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I've worked with various non-profit and volunteer organizations for years. I've also worked in the corporate world for years, in both large and small companies, as a permanent employee and as a temporary and contract worker. One of the things I do best is get a good, solid understanding for an organization's culture and structure, it's "zen", if you will. I was one of the first to start using the term "drain circler" in my professional parlance.

I am not an "efficiency expert", or other corporate analyst. People want expensive MBA's for that, so they can charge you more for often not really understanding your organization. Sadly, many of these so-called experts do not "get" the nature of a company, and more often than not leave the situation as bad or worse than they found it - and this is in the for-profit, product producing corporate world alone.

The non-profit world is different. While it has all of the fiduciary demands of the corporate world, except for shareholders demanding a profit and having to pay people to work for it, it has the added burdens of A) needing to retain talent with means other than money, and B) needing to raise funds by other than simple product sales.

Most non-profits struggle with one or both of these. If they are successful in fundraising, they often turn off volunteers with constant pitches for money and/or selling. If they have loyal volunteers, they often have difficulty raising money, because personal fiefs and empire building get in the way.

There are "turn around experts" for both corporate and non-profit organizations. They are not the same. A corporate efficiency expert is out of his or her depth in a volunteer environment as they try to make the organization "more efficient" and "motivate employees". A non-profit expert is more oriented toward motivation and fundraising than product delivery and efficiency, therefore flounders trying to improve a regular corporate environment. A few rare people can do both. I've never met one.

The first thing you learn leading volunteers is that you must work with what people will do, not with what you think they should do. The distinction is subtle, but important. In the corporate world, the threat is always "Do as I say or I'll fire you". In the volunteer world, that type of attitude just ends up with entire swathes of your organization taking a hike in advance of the axe man.

A classic example is "You will cease saying 'XXXXXXX'" from a corporate officer, where "XXXXXXX" is a personal opinion. In the corporate world, that has the threat of firing behind it, offensive though it may be. Even then, it may not be in their purview if "XXXXXXX" has nothing to do with the corporation or its business. In the volunteer world, it is nothing more than an arrogant overstepping of boundaries, a puerile attempt at a power play, and is laughable at best.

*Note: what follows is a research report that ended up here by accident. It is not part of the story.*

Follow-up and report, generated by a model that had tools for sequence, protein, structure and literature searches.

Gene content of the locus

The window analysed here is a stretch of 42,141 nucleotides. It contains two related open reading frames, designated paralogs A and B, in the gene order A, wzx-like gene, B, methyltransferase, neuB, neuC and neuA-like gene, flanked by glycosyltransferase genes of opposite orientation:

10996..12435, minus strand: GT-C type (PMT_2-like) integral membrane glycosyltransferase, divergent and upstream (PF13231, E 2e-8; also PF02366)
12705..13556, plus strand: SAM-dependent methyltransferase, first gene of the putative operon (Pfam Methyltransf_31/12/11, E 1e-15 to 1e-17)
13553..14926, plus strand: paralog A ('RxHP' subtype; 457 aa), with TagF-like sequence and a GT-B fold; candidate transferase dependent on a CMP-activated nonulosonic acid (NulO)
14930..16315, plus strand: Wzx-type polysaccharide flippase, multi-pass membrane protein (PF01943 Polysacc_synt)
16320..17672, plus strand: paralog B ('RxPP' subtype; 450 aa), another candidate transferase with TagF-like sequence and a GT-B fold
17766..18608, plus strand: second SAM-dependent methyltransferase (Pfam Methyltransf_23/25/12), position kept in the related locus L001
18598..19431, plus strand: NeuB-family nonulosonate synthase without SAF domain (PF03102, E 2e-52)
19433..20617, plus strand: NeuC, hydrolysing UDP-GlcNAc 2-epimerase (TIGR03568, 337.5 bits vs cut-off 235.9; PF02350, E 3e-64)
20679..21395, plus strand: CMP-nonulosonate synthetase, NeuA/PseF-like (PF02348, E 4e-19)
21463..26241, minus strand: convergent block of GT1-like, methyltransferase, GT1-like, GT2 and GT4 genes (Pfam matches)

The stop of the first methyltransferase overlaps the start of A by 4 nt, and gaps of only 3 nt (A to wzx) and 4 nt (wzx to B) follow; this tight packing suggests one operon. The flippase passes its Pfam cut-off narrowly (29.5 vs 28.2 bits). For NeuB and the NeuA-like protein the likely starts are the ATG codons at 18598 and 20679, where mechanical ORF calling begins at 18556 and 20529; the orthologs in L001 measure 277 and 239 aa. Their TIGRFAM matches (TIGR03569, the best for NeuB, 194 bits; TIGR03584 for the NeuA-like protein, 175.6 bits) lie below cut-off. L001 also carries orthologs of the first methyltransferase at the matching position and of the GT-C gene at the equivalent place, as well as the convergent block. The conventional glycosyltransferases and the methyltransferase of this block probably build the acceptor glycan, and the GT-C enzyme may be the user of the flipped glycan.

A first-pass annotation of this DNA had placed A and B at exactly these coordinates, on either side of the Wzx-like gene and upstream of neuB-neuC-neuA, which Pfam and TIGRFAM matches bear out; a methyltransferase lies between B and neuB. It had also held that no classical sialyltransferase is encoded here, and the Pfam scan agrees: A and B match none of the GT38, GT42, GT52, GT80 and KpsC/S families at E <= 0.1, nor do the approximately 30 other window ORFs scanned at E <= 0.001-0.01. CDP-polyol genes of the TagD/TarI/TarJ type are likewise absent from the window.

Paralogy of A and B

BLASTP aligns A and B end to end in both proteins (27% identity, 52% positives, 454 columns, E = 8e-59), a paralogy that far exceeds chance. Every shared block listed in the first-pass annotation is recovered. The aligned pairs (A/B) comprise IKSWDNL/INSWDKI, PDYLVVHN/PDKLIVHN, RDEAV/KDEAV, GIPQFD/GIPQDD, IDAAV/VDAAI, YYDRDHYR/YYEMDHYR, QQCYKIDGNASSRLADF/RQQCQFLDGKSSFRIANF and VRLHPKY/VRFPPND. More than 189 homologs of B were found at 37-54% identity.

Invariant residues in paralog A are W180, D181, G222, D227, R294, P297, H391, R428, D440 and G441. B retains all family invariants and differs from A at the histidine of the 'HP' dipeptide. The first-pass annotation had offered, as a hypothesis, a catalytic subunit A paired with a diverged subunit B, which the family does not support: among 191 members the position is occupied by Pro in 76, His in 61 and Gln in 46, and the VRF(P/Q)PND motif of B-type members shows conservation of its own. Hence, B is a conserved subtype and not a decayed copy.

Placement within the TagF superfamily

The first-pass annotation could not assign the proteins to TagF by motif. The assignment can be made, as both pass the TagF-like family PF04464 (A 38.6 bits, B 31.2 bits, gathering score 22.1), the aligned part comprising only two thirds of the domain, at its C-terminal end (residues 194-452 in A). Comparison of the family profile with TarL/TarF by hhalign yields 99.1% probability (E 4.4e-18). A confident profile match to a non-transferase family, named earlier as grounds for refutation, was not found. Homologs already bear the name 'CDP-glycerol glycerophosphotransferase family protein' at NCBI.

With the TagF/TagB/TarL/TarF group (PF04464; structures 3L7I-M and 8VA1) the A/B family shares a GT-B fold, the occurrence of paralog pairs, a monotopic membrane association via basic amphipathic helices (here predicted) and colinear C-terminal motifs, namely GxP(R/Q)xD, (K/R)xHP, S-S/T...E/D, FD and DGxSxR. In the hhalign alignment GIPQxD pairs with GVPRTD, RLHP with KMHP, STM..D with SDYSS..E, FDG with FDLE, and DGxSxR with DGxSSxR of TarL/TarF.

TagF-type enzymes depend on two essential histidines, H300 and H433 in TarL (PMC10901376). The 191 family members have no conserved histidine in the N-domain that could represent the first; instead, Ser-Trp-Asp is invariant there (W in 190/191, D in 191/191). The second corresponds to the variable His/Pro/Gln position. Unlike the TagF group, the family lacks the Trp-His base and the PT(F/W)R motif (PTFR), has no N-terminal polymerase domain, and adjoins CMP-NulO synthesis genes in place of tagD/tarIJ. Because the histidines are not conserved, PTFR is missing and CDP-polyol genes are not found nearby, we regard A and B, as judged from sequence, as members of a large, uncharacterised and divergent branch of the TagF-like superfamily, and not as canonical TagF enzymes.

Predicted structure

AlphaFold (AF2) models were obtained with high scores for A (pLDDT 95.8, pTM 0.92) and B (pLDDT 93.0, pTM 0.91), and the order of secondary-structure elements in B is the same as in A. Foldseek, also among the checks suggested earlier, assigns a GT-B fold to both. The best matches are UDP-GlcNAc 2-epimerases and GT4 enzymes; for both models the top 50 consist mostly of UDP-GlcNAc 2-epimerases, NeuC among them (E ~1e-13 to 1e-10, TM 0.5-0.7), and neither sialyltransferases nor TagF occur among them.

Non-profit experts, IIRC, focus on sustainable fundraising, volunteer retention, officer training and long term strategic planning.

Corporate experts, IIRC, focus on increasing efficiency, improving performance, streamlining production, culling deadweight, enhancing shareholder book value and dissent eliminationmorale improvement.

The two are very different skillsets, and do not apply very well to each other.

I have spoken with many survivors of your average corporate efficiency, "turn around" or "restructuring" experts. Their experiences, by and large, have not been pleasant, even if their company had been in trouble, even if they were among the lucky few who kept their jobs. The microscope was invariable turned up highest on the lowest level employees, while members of upper management who were at the heart of the problems were given a free pass. Some places, they come in, talk to the managers about their employees, and then management starts issuing layoff notices. The managers mostly all stay.

This kind of thing would annihilate a non-profit or volunteer organization. Even coming in with the simple goal of trying to streamline operations without truly understanding how volunteers work is a recipe for disaster, and would leave the volunteers feeling like they had been screwed over.

If you are in a volunteer organization and someone tries corporate restructuring on it, stand back and watch the fireworks. It will get interesting, but ugly. It won't, however, fix the organization. You need a non-profit expert for that - if the organization even survives the corporate wizard.

Comments

( 1 comment — Leave a comment )
jemyl
May. 1st, 2010 09:55 am (UTC)
Wow!
Excellent article, Ravan. I think I will refer a couple of our VFD board members to it. Then they might understand why some things don't work on the board side of the wall that do work on the operations i.e. Firefighter/first responder side. Aye, There's the rub is my first reaction. Can you sell articles like this to one of the corporate or volunteer house-organs or rags? It's a thought! Love ya--- Mom
( 1 comment — Leave a comment )

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